Donna was struggling to balance these polar opposites inherent in empathy with Dick. She was in danger of affectively drowning - of losing her sense of self - in feeling Dick's pain "even worse than he does."  This is where the cognitive component comes in.  Donna's task was to hold on to her own identity and individuality while being affectively connected with Dick.  Easier said than done.  Empathy has rightfully been called a Janusian achievement, named after the mythical figure, Janus, with two heads facing in opposite directions.  Our thoughts and feelings, although they often face toward opposite directions, need to constantly be in touch with each other. 

Donna provided an exquisite example: "Sometimes when I feel Dick's pain so much that it overwhelms me, I rub my forehead just to remind myself that I'm still here." 

"Let's put the hazards of empathy aside and get at some other occupational, emotional hazards of interpreting on the table.  We can explore each of them in more detail later.  Tell me, how has it been for you to witness ordinary evil." 

Grieving the prevalence of ordinary evil 

"What do you mean by >ordinary evil'?" 

"Everyday kinds of evil - rudeness, disrespect, lying, exploitation, etc. - that aren't severe enough to make CNN.  But nevertheless, they leave an impact on you."    

"I'm a bit confused by your term ordinary to describe evil.  To me, evil is anything but ordinary.  But I do see what you listed all the time.  Like deceit, people cutting in line, road rage, sexism, someone deliberately sabotaging your success.  Even kids pulling legs off of bugs or frogs just for fun!"  She then added a final observation: "And frankly, although I know I should be used to it by now, every once in a while, it still comes as a shock; that evil is so close, so pernicious!" 

In fact, ordinary evil happens frequently in our presence and forms the backdrop of our daily existence.  Often it is barely noticeable.  Indeed, "The evil in our time is the loss of consciousness of evil."

Sometimes, however, that evil suddenly rears its ugly face; it comes as a rude shock and offends us.  Like Donna, many people experience that "rude shock" as a kind of developmental crisis of coming to terms with the ordinary evil that they witness close up.  In contrast, evil done far away "not in my backyard" is easier to ignore.  Interpreters for Deaf persons do not have that luxury. Although, on an intellectual level, we all know that the world isn't fair, nevertheless face-to-face unfairness often comes as a visceral betrayal.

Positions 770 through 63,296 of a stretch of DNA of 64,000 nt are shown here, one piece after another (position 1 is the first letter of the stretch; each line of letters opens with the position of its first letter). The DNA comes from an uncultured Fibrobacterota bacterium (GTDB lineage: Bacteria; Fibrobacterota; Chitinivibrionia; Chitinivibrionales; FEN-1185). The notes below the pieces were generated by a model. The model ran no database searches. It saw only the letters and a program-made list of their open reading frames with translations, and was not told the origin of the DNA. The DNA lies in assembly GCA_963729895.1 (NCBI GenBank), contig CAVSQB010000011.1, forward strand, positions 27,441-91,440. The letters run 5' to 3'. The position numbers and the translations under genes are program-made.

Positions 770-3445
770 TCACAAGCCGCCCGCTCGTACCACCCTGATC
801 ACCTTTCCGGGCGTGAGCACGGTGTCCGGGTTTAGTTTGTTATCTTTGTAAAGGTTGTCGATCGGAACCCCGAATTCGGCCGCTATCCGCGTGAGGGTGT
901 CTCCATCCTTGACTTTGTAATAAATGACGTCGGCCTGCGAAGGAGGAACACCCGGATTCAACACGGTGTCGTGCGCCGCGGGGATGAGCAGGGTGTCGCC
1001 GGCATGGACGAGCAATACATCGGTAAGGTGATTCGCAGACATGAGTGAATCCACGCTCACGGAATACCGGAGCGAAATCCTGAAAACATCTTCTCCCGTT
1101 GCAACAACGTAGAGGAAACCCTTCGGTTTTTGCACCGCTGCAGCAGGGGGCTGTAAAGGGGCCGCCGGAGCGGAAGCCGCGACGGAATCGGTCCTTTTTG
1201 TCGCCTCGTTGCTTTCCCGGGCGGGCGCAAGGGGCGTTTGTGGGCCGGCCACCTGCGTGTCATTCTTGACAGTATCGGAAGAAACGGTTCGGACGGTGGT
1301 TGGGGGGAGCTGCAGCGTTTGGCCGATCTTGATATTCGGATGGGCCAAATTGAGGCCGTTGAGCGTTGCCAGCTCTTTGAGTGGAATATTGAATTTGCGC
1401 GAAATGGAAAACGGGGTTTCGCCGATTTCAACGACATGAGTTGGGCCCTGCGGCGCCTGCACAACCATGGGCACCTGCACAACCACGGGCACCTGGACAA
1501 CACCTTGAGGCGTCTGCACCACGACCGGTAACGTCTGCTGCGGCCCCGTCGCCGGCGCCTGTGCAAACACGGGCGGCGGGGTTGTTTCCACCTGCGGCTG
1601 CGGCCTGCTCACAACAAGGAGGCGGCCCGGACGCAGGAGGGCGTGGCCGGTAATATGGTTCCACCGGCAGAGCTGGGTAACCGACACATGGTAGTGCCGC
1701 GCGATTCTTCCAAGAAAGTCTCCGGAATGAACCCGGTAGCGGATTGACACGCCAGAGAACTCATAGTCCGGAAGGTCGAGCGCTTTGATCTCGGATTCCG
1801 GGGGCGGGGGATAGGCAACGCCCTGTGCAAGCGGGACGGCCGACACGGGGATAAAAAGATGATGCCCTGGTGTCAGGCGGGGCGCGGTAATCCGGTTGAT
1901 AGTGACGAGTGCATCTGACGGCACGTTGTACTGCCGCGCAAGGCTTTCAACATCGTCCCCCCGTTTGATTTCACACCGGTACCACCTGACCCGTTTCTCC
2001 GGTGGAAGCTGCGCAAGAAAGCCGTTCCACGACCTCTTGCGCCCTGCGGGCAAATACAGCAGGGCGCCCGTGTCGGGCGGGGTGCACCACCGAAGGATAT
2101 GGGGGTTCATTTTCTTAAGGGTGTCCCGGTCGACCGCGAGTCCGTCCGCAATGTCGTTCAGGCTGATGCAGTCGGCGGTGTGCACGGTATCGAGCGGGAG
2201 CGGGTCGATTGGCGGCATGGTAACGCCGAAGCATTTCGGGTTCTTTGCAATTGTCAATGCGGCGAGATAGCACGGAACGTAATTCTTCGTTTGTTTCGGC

"It really bothers me to see a deaf person oppressed," Donna observed while tightening her wrist. 

"What about deaf people being oppressed touches you the most?" 

"It's wrong!  It's mean!  It's not right!  It's evil!"  Again her face became flushed and her hand formed a fist."   

"Is that one reason you became an interpreter? 

"Of course!  In addition, I was intrigued with ASL, the culture..."  She listed several other more academic reasons.  "And yeah, I also wanted to lessen oppression, to make the world a better place."   

No innocent bystanders 

"And given that you not only witnessed oppression but were also part of it, what do you say to yourself about yourself?" 

"Well, I know I couldn't stop it," she slowly responded.  "I mean, I could have said at that meeting >Hey, one at a time' which I do many times.  But ultimately, I couldn't force those people to repeat themselves." 

"So rationally, you had no reason to doubt yourself or to feel like you were letting Dick down."   

"If my life were only rational," she sighed.  "I can still see the blank expression on his face when people began talking over one another." 

"What do you think he was feeling?" I asked.